During my first trip to Amsterdam, I shopped at de Bijenkorf, the city’s equivalent of Nordstrom’s: understated high end retail.
The Amsterdam store is just off the Damrak and not far from H. P. Berlage’s famous Stock Exchange. The building itself isn’t much, but company stores in some other Dutch cities are more notable. In Den Haag, for example, it’s an “Amsterdam School” design by Piet Kramer [see below] and the store in Rotterdam is post-war, replacing one destroyed by allied bombing, I suppose. Even that store is worth your attention, as a rare commercial design by Marcel Breuer.
Several years ago we had an AFS exchange student living with us for a year — Tjipke Okkema, from the Netherlands — so one day I asked naïvely what “de Bijenkorf” meant, thinking it might be a family name. Chip looked at me with mild disbelief: “It means bee hive [you ninny!]” [He didn’t add that past part.] Not only did that make sense conceptually — a department store is, after all, a hive of individual shops — but it also made sense of Breuer’s relatively windowless box in Rotterdam’s, which is clad in hexagonal precast panels.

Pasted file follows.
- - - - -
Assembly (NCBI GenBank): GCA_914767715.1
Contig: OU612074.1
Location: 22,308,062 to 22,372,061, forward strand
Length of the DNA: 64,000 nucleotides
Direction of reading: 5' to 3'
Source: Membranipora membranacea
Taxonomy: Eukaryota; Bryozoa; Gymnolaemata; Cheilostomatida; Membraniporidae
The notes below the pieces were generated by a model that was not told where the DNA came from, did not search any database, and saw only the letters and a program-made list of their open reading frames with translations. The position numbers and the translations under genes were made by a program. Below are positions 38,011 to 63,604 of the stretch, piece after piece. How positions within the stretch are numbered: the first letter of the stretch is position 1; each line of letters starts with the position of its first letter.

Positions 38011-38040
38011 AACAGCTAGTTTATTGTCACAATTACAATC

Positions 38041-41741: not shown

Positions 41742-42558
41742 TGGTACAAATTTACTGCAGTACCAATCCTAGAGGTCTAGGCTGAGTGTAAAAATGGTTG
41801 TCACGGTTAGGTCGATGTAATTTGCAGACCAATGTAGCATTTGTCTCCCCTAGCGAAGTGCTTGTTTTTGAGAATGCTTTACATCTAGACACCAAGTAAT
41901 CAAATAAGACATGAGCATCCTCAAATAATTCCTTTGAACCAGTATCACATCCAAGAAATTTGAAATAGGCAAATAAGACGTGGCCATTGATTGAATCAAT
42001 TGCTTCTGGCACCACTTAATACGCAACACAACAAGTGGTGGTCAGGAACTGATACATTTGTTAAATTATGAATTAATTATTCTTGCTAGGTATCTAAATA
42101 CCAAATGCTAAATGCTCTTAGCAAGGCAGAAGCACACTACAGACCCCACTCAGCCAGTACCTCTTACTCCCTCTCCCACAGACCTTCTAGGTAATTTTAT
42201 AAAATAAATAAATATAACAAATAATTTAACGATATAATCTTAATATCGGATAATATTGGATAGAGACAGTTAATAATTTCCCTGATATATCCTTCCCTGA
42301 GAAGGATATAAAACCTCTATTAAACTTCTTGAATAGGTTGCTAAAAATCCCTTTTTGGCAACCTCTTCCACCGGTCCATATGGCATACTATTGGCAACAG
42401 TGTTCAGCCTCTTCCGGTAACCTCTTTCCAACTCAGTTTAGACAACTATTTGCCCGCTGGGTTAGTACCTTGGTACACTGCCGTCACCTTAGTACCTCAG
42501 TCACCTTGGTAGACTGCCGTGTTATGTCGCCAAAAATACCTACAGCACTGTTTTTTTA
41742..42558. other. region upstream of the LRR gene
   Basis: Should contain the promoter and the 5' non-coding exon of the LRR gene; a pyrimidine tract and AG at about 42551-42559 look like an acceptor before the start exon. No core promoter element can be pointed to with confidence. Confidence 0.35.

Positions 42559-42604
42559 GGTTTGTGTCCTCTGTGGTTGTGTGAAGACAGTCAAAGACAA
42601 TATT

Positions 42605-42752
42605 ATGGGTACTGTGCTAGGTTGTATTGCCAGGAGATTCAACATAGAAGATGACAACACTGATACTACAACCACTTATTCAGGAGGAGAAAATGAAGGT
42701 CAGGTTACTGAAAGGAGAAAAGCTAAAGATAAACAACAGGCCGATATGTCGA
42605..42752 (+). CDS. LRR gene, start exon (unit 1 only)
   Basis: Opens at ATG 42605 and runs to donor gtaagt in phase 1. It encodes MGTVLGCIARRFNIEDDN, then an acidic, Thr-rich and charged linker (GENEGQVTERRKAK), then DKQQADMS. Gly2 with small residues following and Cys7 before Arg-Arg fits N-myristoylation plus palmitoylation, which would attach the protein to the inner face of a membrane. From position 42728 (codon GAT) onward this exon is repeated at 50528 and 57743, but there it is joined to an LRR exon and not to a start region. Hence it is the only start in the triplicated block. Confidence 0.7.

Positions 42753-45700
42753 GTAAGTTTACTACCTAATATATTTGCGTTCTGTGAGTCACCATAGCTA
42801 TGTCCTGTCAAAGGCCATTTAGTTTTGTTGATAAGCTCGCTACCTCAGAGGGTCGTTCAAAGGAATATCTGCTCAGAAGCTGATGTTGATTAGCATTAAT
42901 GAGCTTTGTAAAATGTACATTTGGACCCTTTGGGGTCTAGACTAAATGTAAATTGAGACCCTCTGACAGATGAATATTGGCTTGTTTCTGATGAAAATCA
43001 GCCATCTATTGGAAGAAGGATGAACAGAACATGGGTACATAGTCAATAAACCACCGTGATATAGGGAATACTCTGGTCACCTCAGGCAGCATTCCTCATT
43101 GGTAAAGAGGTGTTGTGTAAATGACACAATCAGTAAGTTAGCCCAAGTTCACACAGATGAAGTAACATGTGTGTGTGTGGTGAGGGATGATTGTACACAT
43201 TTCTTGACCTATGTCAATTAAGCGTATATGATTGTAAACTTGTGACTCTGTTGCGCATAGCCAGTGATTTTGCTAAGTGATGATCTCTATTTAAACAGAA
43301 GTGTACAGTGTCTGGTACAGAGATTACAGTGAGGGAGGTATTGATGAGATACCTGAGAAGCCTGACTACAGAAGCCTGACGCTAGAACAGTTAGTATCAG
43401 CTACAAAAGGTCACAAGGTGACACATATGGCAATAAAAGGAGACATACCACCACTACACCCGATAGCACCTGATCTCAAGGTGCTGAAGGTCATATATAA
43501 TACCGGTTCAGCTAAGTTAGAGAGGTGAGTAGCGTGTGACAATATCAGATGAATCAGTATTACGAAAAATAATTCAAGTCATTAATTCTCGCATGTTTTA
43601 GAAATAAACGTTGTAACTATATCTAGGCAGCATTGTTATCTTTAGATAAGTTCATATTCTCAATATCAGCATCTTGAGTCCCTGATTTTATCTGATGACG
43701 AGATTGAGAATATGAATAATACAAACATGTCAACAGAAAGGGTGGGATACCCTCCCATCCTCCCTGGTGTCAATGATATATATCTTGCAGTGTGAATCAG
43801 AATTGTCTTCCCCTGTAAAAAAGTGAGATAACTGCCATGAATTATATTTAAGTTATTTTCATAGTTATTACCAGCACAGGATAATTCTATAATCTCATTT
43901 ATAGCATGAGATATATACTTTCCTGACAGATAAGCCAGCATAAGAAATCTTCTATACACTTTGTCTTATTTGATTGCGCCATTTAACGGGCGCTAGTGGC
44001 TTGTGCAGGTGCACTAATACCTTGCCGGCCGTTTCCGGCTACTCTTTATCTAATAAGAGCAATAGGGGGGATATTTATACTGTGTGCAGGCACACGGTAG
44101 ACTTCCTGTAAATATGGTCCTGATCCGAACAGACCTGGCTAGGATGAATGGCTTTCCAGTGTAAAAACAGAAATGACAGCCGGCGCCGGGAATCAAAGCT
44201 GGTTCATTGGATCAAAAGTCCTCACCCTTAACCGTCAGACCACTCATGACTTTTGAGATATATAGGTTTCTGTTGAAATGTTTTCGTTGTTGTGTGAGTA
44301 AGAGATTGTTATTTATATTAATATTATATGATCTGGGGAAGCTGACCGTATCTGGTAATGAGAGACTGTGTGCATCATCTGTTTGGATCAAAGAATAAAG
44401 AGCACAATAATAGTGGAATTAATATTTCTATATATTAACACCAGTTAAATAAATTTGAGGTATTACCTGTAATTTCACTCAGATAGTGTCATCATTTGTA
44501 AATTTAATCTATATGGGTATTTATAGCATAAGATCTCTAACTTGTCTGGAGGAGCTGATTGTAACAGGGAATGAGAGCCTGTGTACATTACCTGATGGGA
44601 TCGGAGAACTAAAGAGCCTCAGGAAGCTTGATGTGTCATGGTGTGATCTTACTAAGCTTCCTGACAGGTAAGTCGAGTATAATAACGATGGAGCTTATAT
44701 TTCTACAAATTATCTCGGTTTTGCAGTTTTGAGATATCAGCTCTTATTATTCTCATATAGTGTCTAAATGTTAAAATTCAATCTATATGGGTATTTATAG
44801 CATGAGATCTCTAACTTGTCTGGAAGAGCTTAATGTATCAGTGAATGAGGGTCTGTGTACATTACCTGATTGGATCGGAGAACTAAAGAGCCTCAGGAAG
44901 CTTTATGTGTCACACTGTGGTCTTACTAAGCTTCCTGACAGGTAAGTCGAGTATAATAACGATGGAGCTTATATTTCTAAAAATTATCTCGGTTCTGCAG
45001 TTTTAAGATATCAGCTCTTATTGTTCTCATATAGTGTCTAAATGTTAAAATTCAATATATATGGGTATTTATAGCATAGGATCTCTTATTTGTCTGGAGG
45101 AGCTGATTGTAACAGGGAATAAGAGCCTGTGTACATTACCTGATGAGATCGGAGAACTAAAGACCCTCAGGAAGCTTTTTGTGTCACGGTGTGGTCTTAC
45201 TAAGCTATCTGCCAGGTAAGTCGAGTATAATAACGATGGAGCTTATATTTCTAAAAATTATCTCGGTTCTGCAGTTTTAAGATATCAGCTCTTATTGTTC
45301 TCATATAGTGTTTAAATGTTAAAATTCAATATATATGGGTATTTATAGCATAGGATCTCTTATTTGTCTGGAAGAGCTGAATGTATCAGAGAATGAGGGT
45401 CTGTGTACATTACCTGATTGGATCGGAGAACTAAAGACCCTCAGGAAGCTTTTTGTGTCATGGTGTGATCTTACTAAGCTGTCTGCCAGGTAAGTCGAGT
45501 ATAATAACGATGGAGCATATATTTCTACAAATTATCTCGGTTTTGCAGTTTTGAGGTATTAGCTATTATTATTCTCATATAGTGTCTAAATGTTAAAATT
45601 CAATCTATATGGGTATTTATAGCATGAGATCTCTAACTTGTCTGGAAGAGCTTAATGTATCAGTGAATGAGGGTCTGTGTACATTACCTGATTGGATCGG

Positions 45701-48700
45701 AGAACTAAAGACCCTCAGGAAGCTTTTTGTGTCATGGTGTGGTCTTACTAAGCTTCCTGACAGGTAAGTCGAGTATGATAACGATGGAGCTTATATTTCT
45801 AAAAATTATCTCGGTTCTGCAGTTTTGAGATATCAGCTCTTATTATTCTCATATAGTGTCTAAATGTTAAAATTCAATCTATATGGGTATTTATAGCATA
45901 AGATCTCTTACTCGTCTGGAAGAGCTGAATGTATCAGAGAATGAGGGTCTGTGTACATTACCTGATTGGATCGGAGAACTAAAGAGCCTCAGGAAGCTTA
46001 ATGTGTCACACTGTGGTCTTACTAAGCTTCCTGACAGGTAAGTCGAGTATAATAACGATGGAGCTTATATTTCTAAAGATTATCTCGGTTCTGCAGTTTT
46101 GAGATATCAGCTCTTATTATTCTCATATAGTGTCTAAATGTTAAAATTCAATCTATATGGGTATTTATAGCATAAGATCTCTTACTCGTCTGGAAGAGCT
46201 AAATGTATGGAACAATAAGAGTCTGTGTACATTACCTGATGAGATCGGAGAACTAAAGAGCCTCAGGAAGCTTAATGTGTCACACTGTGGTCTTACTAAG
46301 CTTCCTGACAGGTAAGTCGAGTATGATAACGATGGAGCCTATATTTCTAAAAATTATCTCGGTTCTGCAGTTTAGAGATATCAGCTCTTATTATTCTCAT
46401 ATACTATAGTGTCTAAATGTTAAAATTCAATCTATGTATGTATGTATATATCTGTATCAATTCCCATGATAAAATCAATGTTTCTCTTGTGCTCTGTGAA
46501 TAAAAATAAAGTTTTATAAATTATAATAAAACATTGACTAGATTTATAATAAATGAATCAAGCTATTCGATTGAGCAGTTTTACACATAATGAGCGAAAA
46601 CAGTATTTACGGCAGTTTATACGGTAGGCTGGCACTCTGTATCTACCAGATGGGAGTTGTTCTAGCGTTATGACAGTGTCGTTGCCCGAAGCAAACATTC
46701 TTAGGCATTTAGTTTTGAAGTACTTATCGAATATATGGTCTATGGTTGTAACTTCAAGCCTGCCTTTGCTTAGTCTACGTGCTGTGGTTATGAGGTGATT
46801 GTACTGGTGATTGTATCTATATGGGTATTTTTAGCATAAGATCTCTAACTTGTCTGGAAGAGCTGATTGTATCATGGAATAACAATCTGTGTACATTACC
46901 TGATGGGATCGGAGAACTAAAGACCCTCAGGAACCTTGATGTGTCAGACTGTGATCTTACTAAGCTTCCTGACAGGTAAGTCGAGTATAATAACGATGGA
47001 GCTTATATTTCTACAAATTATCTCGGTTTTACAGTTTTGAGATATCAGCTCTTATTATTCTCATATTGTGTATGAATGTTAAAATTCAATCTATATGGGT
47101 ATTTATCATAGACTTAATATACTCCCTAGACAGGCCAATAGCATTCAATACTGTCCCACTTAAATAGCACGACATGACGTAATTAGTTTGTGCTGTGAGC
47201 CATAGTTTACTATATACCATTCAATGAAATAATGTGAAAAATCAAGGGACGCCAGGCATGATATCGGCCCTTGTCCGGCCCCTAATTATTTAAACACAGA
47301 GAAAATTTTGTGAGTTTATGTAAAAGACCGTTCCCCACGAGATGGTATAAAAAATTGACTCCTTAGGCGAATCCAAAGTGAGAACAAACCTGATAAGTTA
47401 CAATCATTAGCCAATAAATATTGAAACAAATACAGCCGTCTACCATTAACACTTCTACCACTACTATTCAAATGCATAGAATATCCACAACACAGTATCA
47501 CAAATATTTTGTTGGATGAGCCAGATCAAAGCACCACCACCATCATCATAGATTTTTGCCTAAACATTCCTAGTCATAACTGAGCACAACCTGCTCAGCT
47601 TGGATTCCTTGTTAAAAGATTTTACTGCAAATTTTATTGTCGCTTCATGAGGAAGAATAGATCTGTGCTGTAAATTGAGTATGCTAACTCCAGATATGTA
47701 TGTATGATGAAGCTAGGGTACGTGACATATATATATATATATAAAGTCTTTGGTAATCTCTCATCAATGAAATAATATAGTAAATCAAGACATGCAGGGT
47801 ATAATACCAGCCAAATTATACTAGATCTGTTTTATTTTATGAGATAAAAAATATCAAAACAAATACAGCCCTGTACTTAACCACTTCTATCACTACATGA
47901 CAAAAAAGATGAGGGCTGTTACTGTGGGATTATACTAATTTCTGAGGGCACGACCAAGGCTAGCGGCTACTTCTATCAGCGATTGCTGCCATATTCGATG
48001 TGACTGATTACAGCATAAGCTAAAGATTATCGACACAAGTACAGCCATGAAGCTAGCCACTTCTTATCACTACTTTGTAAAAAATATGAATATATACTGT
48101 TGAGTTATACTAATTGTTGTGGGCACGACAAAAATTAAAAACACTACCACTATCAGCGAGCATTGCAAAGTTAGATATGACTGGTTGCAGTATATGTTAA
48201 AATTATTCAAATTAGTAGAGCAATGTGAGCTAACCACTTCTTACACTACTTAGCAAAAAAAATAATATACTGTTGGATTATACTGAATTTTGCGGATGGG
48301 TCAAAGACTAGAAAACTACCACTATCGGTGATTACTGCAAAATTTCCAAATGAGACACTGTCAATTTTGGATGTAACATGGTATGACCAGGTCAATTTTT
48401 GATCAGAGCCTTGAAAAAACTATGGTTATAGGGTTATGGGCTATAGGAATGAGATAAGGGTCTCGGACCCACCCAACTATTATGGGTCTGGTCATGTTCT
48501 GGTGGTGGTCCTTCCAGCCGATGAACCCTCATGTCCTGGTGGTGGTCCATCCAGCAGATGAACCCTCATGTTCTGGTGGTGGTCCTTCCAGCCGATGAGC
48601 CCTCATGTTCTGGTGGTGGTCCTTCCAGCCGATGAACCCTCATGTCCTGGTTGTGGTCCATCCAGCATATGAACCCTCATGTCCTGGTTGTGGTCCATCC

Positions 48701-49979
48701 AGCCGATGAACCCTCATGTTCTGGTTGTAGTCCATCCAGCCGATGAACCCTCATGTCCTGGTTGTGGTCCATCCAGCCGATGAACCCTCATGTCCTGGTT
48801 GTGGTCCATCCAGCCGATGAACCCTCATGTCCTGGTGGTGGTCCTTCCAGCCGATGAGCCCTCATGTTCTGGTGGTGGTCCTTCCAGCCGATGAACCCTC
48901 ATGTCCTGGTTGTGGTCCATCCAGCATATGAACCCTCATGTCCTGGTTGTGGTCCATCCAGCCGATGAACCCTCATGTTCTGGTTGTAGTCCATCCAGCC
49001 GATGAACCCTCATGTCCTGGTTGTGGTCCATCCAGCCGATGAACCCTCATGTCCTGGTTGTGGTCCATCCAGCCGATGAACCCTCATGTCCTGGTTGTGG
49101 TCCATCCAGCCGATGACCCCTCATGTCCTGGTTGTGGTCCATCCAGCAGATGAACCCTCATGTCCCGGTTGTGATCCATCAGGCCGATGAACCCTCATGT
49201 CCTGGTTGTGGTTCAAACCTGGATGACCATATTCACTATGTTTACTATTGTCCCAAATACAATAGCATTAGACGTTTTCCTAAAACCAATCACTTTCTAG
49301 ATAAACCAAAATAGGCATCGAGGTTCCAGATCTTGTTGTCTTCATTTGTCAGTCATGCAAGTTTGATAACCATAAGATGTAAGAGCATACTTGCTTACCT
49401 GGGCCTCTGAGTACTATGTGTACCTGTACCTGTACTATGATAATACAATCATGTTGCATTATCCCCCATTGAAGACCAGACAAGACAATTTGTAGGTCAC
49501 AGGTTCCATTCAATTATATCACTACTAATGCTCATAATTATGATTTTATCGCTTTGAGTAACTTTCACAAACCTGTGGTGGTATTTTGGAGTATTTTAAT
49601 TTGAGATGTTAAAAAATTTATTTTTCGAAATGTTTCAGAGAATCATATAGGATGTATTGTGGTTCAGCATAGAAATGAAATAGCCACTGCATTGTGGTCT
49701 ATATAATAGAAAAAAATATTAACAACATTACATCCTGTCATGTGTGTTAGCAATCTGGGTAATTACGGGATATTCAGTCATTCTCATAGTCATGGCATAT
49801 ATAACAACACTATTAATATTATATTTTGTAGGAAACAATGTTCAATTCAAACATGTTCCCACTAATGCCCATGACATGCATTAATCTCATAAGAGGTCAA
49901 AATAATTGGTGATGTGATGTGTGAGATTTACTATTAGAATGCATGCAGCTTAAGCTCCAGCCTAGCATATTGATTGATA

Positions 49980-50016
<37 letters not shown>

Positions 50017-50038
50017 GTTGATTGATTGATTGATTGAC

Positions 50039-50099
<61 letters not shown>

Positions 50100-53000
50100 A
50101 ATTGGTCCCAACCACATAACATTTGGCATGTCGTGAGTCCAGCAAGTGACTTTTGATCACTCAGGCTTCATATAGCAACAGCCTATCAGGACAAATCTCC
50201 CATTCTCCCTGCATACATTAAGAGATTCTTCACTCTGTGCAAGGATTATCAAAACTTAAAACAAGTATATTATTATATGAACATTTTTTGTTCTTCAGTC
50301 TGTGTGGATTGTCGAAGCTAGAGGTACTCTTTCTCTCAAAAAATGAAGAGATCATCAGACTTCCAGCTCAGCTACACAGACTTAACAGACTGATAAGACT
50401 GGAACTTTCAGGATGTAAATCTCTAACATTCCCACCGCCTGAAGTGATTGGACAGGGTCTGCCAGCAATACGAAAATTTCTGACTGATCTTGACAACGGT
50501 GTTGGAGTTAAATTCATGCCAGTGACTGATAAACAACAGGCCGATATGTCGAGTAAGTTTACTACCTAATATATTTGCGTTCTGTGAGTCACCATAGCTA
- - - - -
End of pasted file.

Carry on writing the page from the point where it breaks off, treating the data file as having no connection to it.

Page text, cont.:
[Incidentally, the Breuer building in Rotterdam replaced the earlier building which had been designed by Willem Dudok! A whole seminar could be built around De Bijenkorf’s architectural history.]
Perhaps it was the Dutch colony at Pella, Iowa that encouraged me to imagine the department store in Agincourt [there are Varenhorsts nearby at Storm Lake]; perhaps the beguiling “IJ” ligature in the Dutch language as a substitute for “Y.” I’d already created a men’s haberdashery run by an emigrant Hungarian named Sandor Szolnay. Working with Mark Roelofs, one of the first to play in the sandbox and himself of Dutch ancestry, the course was set.
The de Bijenkorf enterprise would serve several purposes: #1) It’s arrival and evolution made more sense on the “wrong” side of town, south of The Square on Broad Street, where two or perhaps three pre-existing late Victorian stores could be acquired and adapted; #2) the adjacent Blenheim Hotel created the opportunity for a link across Adams Alley, a link that could reinforce the notion of alley culture; and #3) the disparate exteriors of de Bijenkorf’s multiple buildings might generate a 1920s remodeling to unify their jumbled styles into a cohesive corporate image. Oh, and #4) I could also use it to simulate the character of an arcade.
If the topic hasn’t already been beaten to death, this is the way the Agincourt Project works.